Afterwards, I asked the person what it meant and he answered that he thought my code was good, different from other women’s way of coding… In his experience, he observed a kind of vicious circle here: women keep hearing that they have nothing to do here writing code, so they do not make any efforts and are less careful in their research regarding frameworks, languages, etc. So this person came to the conclusion that men tended to code better than women, hopefully he changed his mind since then.  

  • Have you had difficulties finding your place in this tech world? Thought it was not for you maybe? 

Not really, I wasn’t paying much attention to it at the beginning, I’d rather ask myself: “am I able to learn fast enough to make my place in this job?” or “what should I do to become Tech Lead?”. It was more about professional skills and performance. 

The gender issue came up much later in my experience, after about 8 years when I finally realised that there were not enough women in this domain and that it poses a serious problem.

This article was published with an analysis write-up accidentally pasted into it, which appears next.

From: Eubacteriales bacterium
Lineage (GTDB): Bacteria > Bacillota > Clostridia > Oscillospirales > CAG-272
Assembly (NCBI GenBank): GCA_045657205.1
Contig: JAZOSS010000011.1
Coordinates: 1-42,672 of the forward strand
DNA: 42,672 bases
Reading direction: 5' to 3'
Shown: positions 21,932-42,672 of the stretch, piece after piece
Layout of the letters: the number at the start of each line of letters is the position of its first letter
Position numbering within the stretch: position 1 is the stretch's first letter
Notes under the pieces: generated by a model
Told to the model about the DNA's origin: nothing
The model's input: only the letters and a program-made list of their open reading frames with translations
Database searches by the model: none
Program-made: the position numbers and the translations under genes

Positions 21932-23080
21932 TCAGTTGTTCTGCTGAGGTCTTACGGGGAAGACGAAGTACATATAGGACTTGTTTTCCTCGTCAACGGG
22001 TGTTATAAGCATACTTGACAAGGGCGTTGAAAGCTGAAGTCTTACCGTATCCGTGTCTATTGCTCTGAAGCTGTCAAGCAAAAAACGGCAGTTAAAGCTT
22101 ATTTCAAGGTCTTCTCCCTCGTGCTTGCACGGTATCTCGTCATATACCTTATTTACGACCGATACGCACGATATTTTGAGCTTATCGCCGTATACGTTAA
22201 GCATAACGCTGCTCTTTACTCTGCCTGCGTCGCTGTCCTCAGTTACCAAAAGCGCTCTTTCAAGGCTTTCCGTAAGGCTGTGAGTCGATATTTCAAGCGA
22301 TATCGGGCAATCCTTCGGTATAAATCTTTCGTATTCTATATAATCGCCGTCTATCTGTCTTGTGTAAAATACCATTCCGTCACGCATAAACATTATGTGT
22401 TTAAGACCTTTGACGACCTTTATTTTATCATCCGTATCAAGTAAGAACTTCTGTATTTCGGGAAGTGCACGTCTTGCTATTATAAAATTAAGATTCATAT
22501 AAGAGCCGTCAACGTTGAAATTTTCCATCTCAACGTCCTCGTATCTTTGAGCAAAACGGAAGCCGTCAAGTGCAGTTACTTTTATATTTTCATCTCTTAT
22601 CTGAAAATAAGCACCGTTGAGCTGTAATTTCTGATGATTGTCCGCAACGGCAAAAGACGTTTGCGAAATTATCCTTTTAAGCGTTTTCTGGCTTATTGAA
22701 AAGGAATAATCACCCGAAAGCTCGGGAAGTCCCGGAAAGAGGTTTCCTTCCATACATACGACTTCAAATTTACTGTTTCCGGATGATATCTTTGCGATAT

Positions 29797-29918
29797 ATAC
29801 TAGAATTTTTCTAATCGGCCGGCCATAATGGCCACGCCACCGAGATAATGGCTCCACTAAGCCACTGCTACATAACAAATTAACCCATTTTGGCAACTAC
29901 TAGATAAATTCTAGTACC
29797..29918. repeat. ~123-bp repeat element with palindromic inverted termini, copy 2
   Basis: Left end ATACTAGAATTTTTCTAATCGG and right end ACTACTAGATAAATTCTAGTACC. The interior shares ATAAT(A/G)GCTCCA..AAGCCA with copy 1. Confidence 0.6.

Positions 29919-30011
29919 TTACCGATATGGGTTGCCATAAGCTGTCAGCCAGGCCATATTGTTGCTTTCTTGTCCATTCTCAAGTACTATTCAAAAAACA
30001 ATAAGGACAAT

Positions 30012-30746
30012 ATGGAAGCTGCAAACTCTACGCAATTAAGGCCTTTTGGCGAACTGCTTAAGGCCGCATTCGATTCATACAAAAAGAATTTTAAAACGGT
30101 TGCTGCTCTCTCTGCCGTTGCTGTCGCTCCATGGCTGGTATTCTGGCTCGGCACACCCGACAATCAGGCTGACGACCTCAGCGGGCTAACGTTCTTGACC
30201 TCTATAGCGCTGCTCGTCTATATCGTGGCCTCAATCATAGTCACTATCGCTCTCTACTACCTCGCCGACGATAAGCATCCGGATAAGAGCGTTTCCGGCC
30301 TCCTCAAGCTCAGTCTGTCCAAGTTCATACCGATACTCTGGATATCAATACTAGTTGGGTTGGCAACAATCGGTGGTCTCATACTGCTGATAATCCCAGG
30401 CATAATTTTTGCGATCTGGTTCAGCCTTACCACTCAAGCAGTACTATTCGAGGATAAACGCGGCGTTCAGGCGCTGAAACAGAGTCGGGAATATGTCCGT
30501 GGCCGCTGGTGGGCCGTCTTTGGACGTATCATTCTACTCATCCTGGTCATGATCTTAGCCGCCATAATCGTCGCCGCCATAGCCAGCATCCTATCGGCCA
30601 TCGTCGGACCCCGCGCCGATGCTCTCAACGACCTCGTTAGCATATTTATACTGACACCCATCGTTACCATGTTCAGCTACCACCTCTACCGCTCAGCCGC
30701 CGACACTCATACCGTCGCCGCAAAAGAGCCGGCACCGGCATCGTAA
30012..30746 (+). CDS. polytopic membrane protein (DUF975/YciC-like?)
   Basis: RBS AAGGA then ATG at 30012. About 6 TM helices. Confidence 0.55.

But then again, computers and machines became a hobby quite early in my life and I learned to evolve in a more masculine than feminine world, it’s easy to adapt yourself and you end up used to it really. 

  • Are inclusion and diversity a topic in your company? What are the actions taken to address it? 

It is an ongoing subject indeed and we are taking several actions to try to solve this lack of diversity at our level in the company. 

Firstly, we strongly encourage female co-optation. Then we noticed there weren't a lot of skilled and senior women in software engineering, consequently we focused our efforts on hiring juniors.